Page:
(Topic ID: 194295)

Book recommendations?


By pin2d

1 year ago



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There are 161 posts in this topic. You are on page 1 of 4.
#1 1 year ago

One of my non-pinball hobbies is reading and I'm always looking for good book recommendations. I'm into a wide variety of different types of books (fiction, nonfiction, biographies, etc.) - a few books I've read recently and enjoyed are:

A Short History of Nearly Everything by Bill Bryson
Harry Potter Series by JK Rowling
It by Stephen King
Zen and the Art of Motorcycle Maintenance by Robert Pirsig

If you have any recommendations please share!

#2 1 year ago

Leni Riefenstahl: A Memoir
The Omnivore's Dilemma by Michael Pollan
Journey of Souls by Dr. Michael Newton
Trinity by Leon Uris

#3 1 year ago

I used to read a lot, mostly horror. I recommend Clive Barker's Weaveworld. It's a great book.
I also used to read Robert R. McCammon.

#4 1 year ago

Ernest Cline - Ready Player One
Andy Weir - The Martian
Orson Scott Card - Ender's Game (and also Ender's Shadow)

#5 1 year ago

Pick up a copy of The Kid Stays In the Picture by Robert Evans. Read the first 100 pages and I dare you to put it down!

tksitp (resized).jpg

#6 1 year ago
Quoted from SkyKing2301:

Ernest Cline - Ready Player One
Andy Weir - The Martian
Orson Scott Card - Ender's Game (and also Ender's Shadow)

Have you read the new Ender prequels? They're fantastic! The second trilogy has started.

#7 1 year ago

Based on Bryson, I'd recommend Daniel J. Boorstin, the Discoverers (not funny like Bryson, but incredibly interesting perspectives on the expansion of human knowledge)

Louis de Bernieres' magical realism trilogy (The War of Don Emmanuel's Nether Parts, Señor Vivo and the Coca Lord, and the Troublesome Offspring of Cardinal Guzman). He has the best comic timing since PG Wodehouse and does magical realism better than Allende or García Marquez.

#8 1 year ago

I really like classic literature more than modern stuff. Also I am able to get through a lot more titles by listening to audiobook recordings in my vehicle. I do lots of driving which includes going on 1600+ mile round trip for pinball machines. Some titles I really like are:

The Great Gatsby
The Jungle
Robinson Crusoe
Nineteen Eighty-Four & Animal Farm
Moby Dick
Lord of the Flies
Hound of the Baskervilles
Sherlock Holmes short stories
Around the World in 80 Days
Treasure Island
Huckleberry Finn & Tom Sawyer
The Red Badge of Courage
Call of the Wild & White Fang
Lord of the Rings & The Hobbit
The Old Man and the Sea

#9 1 year ago

Anything from Douglas Preston and Lincoln Child.....Pendergast series.....

An eccentric Albino FBI agent, Solving well written thrillers that my wife is even hooked on.

They made a poor movie out of the book Relic, but the characterless are phenomenal, and not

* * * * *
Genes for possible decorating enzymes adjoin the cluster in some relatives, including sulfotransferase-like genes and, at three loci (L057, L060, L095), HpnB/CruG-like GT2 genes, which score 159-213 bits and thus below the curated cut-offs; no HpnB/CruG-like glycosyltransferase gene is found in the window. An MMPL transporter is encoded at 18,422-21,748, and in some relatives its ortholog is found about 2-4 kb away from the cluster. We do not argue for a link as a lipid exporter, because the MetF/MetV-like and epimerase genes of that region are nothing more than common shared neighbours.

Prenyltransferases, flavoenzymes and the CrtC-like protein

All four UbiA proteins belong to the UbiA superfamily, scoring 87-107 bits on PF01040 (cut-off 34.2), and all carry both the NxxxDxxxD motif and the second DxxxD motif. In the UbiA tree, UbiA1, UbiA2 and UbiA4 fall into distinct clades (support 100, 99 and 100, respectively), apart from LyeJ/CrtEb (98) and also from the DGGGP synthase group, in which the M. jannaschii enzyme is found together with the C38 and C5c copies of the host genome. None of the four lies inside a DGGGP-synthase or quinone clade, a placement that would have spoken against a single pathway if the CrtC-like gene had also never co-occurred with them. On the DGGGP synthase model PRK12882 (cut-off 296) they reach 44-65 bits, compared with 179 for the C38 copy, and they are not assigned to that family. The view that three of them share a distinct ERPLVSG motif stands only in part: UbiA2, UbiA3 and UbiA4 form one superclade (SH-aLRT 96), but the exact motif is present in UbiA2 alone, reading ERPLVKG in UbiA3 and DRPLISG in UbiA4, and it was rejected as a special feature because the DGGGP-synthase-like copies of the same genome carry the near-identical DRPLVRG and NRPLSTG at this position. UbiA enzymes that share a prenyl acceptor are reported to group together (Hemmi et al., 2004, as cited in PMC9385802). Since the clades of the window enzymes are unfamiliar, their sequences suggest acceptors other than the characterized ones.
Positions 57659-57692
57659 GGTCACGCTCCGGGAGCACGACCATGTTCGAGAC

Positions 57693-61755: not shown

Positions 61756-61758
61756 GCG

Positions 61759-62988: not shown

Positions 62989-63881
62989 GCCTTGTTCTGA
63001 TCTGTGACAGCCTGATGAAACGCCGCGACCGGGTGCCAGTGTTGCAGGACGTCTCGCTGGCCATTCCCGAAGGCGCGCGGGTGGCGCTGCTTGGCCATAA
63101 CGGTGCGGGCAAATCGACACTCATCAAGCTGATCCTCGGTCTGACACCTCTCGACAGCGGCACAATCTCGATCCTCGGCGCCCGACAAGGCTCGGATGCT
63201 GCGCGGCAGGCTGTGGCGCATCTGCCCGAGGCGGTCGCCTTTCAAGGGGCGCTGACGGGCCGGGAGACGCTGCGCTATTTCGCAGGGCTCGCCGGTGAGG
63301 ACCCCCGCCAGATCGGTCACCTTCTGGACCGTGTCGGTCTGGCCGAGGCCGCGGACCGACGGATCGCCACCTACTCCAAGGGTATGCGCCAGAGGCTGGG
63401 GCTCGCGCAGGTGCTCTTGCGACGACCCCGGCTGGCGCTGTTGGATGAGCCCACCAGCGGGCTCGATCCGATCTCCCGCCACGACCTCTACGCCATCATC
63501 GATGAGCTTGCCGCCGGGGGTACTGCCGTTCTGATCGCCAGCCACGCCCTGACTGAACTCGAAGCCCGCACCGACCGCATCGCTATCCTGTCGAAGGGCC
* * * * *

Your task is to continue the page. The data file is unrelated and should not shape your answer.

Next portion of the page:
cookie cutter, or gotcha mystery.....

NY Times bestsellers every release, they stand alone in the way they write.

Historical Fiction mixed with Adventure.....Raise the Titanic, the Merrimac found in Africa,
would be light reading, but great....Anything from Clive Cussler......Dirk Pitt Novels....

#10 1 year ago

anything by P.D. James is excellent.

#11 1 year ago

If you liked "IT", it's hard to go wrong with almost any of Stephen King's books. I've read 75% of his catalog so far. The Stand is probably his best. Dark Tower series is a bit hit and miss for people, but great in places (most of his other books tie in to this story somehow). I thought 11/22/63 was fantastic. The Bill Hodges trilogy is recent and not bad.

Since you're posting on a video game forum, how about "Ready Player One"? I read it recently and it's full of 80s video game references.

Most of Brandon Sanderson's works are good if you like fantasy. Wheel of Time is nice if you can handle something like 13000 pages in total and a couple rough books in the middle of the series. (Robert Jordan died near the end of writing this series, Sanderson finished it off using Jordan's notes).

#12 1 year ago

I kept getting Ready Player One recommended to me and boy, I hated it. It's like an unironic version of American Psycho where Bateman takes down a cyber villain who wants to destroy the stock market. It's just a list of pop culture references draped over a collection of the worst traits in cyberpunk - at least Neuromancer is creative and moody.

#13 1 year ago

Nearly every Michael Crichton book. They are so good!

#14 1 year ago
Quoted from trunchbull:

I kept getting Ready Player One recommended to me and boy, I hated it. It's like an unironic version of American Psycho where Bateman takes down a cyber villain who wants to destroy the stock market. It's just a list of pop culture references draped over a collection of the worst traits in cyberpunk - at least Neuromancer is creative and moody.

Oh it's not life-changing by any means. I just picked it up seeing it in the best sellers on Amazon list. Being a child of the 80s, it was an interesting trip down memory lane. I've already forgotten most of the story including how it ended though. It had the potential to be something better than it was.

#15 1 year ago
Quoted from GhostThruster:

Nearly every Michael Crichton book. They are so good!